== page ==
Mother on social services safety plan found guilty of murdering 12-week-old son
A mother has been found guilty of the murder of her baby son who suffered injuries consistent with being shaken and striking his head on a hard surface.
Eloddie Goncalves (pictured left), 33, told a 999 call handler “my son is dead, he’s not moving”, prosecutor Karim Khalil KC told a trial at Chelmsford Crown Court.
Mr Khalil said paramedics who attended Goncalves’ flat in Harlow, Essex, at around 10am on August 19 2020 found 12-week-old Malik Goncalves dead.
“While the flat was being examined, several empty bottles of wine were found both inside and outside in the communal gardens,” Mr Khalil added.
He said the prosecution case was that Goncalves assaulted Malik “violently by shaking him and by striking his head against one or more hard surfaces, causing multiple fractures and most importantly traumatic brain injuries”.
The prosecutor said a social services safety plan, signed by Goncalves and Muritala Olaiya-Imam, who said at the time he was the boy’s father, was in place.
Mr Khalil said Olaiya-Imam (pictured right), 37, “said he was the father… although subsequent DNA tests have revealed he was not”.
The plan had stipulated that Goncalves, who has mental health issues, was not to drink alcohol, was not to be left alone with her child and Olaiya-Imam was to contact police if Goncalves was under the influence of alcohol.
Mr Khalil said that when emergency services attended the flat on August 19, Olaiya-Imam was not there but arrived later.
Goncalves, formerly of Joyners Field, Harlow, denied murder but was found guilty following a trial, Essex Police said.
She was also found guilty of assaulting an emergency worker who was trying to help Malik, the force said.
Olaiya-Imam, whose address cannot be reported for legal reasons, denied allowing the death of a child by leaving Malik alone with his mother, but was found guilty, Essex Police said.
Mr Khalil said he “was or ought to have been aware of that risk” and “he should have been there to protect”.
Both defendants denied cruelty to a child, which Mr Khalil said related to “older injuries” found when Malik was examined after his death, and both were found guilty, police said.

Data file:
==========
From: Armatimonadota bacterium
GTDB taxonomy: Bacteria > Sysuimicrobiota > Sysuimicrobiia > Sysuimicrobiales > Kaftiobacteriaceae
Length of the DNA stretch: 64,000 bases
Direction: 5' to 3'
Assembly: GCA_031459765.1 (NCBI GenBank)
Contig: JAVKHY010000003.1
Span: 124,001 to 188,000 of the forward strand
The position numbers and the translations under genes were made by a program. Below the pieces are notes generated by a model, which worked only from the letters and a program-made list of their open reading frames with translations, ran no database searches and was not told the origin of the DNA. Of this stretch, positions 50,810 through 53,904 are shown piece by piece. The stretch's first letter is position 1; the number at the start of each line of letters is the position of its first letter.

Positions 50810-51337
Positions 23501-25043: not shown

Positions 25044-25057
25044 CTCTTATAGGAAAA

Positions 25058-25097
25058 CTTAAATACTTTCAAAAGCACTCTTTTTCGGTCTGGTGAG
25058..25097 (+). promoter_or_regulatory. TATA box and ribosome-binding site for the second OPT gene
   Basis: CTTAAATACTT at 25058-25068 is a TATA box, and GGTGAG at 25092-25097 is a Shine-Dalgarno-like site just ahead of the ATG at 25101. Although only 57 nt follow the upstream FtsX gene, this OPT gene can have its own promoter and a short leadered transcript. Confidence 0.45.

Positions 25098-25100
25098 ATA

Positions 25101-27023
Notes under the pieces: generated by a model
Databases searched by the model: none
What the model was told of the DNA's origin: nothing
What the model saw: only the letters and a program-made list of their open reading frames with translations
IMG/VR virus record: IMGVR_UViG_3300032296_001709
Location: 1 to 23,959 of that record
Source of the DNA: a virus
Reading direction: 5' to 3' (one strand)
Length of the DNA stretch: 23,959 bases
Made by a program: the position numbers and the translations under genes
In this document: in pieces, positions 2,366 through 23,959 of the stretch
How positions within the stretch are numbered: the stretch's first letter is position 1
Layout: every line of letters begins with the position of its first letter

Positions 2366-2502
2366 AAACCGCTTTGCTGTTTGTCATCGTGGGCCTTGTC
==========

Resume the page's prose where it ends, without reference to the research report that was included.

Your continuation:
They were also found guilty of an act intending to pervert the course of justice, which Mr Khalil said related to a urine sample that Goncalves was asked to provide while at hospital after Malik’s death.
Mr Khalil said the sample was “contaminated”, adding that urine from both defendants was found in it.
“We say their act to corrupt that sample was done to interfere with the police investigation,” Mr Khalil added.
He said that a back calculation on a blood sample from Goncalves estimated that at 10am on August 19 she was around one-and-a-half times over the legal drink-drive limit.
There were also “constituents of cannabis” in the blood sample, Mr Khalil said.
Detective Chief Inspector Stuart Truss, who led the investigation, said afterwards: “The death of a young child is and will always be immensely tragic and our thoughts remain with Malik’s wider family at this difficult time.
“Malik died at the hands of those who should have cared for him most.
“I hope that today’s verdict will bring some comfort to the family.
“This lengthy, sensitive investigation was difficult for all those involved but I am proud that everyone acted with determined professionalism and focussed on what really mattered – securing justice for the death of their defenceless baby son.”
The pair will be sentenced at a later date.
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